More Vaster, Less Vastish


What I most appreciated about Vast: The Crystal Caverns was its improbable intermarriage of two ideas. The first was its dungeon, generated in roguelike fashion from a generous stack of tiles, producing a sprawling cavern filled with perils and plunder. The other idea was deep, even idolatrous asymmetry. Far more than the possibility of the multiple heroes offered by so many other dungeon crawls. Rather, it was an all-inclusive medley of characters and play styles. The knight versus the dragon, but also the sneaky thief, a pack of suicidal goblins, and even the haunted cavern itself, all working at cross-purposes.

Just as Vast beget Root, Cole Wehrle’s more approachable take on rabid asymmetry, so too does Patrick Leder’s Vast: The Mysterious Manor emerge from a paradigm established by Root. Which is really just a fancy-pants way of saying that this is a kinder, friendlier Vast — when it comes to learning the rules, at least.

I can't tell who's scaring whom.


For those not in the know, here’s the lowdown. There’s a manor on a hilltop that’s known around these parts to be haunted. Only it’s not just haunted — it’s haunted, and haunted, and haunted again. Maybe toss in another haunted. Three times haunted? Four? Maybe it doesn’t matter. After two, who’s keeping count? Nobody’s about to gentrify the place.

Much like its predecessor, five roles enter the mansion, each chasing their own prize. Into this unhallowed place walks the Paladin. He’s here to slay a Spider, who happens to be a magical sorcerer capable of changing her form at will. In turn, her aim is to grow in power until she can break free and terrorize the local peasantry. Meanwhile, the Skeletons have a fetish for murdering Paladins, there’s a Warlock who’s working some funky magic on the resident poltergeists and treasure chests, and the Mansion itself seems to be arranging and rearranging itself in order to trap everyone inside its guts for all eternity.

So far, so Vast. You don’t even need to squint to see how most of the roles are reflective of the original game’s quinquepartite cast of heroes and beasties. The immediate concern is the same one that dogged The Crystal Caverns’ heels throughout its tenure as the most asymmetric game on the market. Namely, if you’re learning five completely different roles, and need to engage with those roles comprehensively in order to play well, how damned hard is this thing to learn and teach? In my original review, I highlighted how this process was both complicated and, well, vast by including an image of the five roles’ interlocking interests and objectives. It looked something like this:

I know you probably can't tell, but this only took me three hours to make! Like a graphic artist Mozart.

Good luck!

As you can see, The Mysterious Manor turns on as many hinges as its predecessor. Sure, it’s entirely possible to dive in with a single character. Learn a single set of rules, wade into the mansion, and cross your fingers that things go okay. But your plans probably won’t pan out. Not unless you know at least the outline of what your rivals are doing. Why is the Spider lurking way over there in the corner? How can I prevent the Skeletons from boning the Paladin long before I accomplish my own goal? What in the spotted hell is the Manor’s wraith doing with all those rooms, anyway?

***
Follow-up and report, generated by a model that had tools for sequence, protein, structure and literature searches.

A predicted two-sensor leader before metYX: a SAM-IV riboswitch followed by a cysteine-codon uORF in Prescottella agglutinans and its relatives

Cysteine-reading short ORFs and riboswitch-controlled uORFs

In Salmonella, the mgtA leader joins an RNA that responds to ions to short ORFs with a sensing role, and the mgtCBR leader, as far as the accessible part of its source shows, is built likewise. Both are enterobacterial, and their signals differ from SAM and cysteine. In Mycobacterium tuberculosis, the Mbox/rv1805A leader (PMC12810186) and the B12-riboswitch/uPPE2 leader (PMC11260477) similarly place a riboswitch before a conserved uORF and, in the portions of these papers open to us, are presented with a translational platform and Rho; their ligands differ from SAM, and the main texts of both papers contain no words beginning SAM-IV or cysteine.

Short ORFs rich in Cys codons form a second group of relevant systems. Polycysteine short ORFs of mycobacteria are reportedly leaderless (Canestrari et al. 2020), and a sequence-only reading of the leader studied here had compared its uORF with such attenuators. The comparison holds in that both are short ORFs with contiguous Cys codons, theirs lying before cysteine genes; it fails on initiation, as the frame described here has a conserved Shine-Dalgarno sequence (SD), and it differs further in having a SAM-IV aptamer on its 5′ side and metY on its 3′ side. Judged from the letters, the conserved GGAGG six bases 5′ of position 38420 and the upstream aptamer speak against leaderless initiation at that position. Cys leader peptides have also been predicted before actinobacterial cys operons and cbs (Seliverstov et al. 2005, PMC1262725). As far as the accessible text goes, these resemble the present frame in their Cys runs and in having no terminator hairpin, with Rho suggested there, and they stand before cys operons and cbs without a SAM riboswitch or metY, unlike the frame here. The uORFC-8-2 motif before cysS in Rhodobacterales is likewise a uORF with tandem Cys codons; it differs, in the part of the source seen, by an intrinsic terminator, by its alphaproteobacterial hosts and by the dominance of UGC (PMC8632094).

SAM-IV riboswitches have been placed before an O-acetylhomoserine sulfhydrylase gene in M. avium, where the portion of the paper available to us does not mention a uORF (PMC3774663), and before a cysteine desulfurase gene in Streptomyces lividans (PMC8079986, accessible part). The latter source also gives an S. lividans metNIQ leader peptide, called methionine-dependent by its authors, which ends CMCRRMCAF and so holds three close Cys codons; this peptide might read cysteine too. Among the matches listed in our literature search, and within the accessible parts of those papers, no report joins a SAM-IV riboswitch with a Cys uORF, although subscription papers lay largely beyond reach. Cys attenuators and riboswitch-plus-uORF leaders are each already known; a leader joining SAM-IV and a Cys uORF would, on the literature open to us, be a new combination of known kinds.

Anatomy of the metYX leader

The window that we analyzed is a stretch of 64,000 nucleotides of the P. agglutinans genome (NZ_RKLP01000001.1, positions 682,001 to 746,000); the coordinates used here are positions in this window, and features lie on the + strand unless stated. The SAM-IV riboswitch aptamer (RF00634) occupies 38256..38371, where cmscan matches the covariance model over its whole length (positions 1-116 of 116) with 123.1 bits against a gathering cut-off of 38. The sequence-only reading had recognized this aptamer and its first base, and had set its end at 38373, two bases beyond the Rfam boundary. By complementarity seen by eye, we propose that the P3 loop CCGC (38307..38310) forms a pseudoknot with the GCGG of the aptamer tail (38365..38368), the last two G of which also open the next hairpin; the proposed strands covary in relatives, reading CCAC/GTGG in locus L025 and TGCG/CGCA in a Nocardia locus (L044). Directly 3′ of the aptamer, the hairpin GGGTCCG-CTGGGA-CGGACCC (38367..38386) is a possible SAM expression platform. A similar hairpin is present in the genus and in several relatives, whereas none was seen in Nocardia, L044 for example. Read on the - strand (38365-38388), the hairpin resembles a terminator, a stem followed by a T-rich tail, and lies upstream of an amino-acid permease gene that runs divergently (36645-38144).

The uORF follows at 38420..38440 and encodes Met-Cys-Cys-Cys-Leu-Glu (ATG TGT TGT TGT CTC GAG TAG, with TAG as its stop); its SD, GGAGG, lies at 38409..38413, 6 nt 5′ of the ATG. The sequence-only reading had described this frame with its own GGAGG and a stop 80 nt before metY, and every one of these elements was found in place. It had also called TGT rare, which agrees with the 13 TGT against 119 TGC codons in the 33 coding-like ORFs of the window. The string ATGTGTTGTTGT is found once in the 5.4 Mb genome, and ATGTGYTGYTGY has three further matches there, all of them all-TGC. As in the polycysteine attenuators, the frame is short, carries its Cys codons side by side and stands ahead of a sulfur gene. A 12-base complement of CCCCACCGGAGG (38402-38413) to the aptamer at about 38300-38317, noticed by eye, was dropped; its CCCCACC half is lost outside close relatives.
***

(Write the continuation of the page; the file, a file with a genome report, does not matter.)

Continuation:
But this is where Patrick Leder and the rest of his crew prove they’ve picked up a few tricks over the past few years. Not only is this excursion far easier to learn than its predecessor, but nearly everything has been tidied up and given a fresh splash of color. And although some of the original game’s unpredictability has been sacrificed in the process, the result is a game that’s far snappier at pretty much every level.

Nothing is more immediately indicative of this change than the map. Veterans of The Crystal Caverns will notice that the mansion is enclosed by four walls, surrounding an empty grid for holding tiles. No more of that boundless to-the-edge-of-the-table-and-beyond sprawl that marked the original cavern. On the one hand, this jettisons some variety. There are fewer types of tiles, no surprise ambushes or event spaces, and certainly none of the special terrain features that gave each cavern its wildest tics of personality. At a glance, it might even seem flat by comparison.

"No," comes the chorus from literally every character in the game. Even the eggs.

Can’t we all just get along?

However, the advantages of this enclosure are considerable. For one thing, there’s no real setup. Where the original saw you sorting crystal tiles and shuffling stacks, the mansion almost puts itself together. Four armories, an entry hall, and there you have it. When it comes time to explore, the process is similarly expedited. Instead of fretting over tile placement, stringing out the cavern’s layout to ensconce crystal tiles securely near the middle so that the inevitable collapse didn’t kill everyone too prematurely — that’s all gone. All the better that the Mansion feels more like a role and less like a tyrannical game master whose idea of fun involves killing everyone right before their major plot twist. Exploration is now a process of learning the mansion’s hallways and destinations, its bottlenecks and marathon expanses. It’s no longer a crazed fantasy hodgepodge, for better and for worse. But mostly better. The mansion is a place, with boundaries and creepy exterior breaches and, most importantly, fewer rulesy considerations sucking up bandwidth. If I never worry about exploring around a crystal again, I’ll be happy.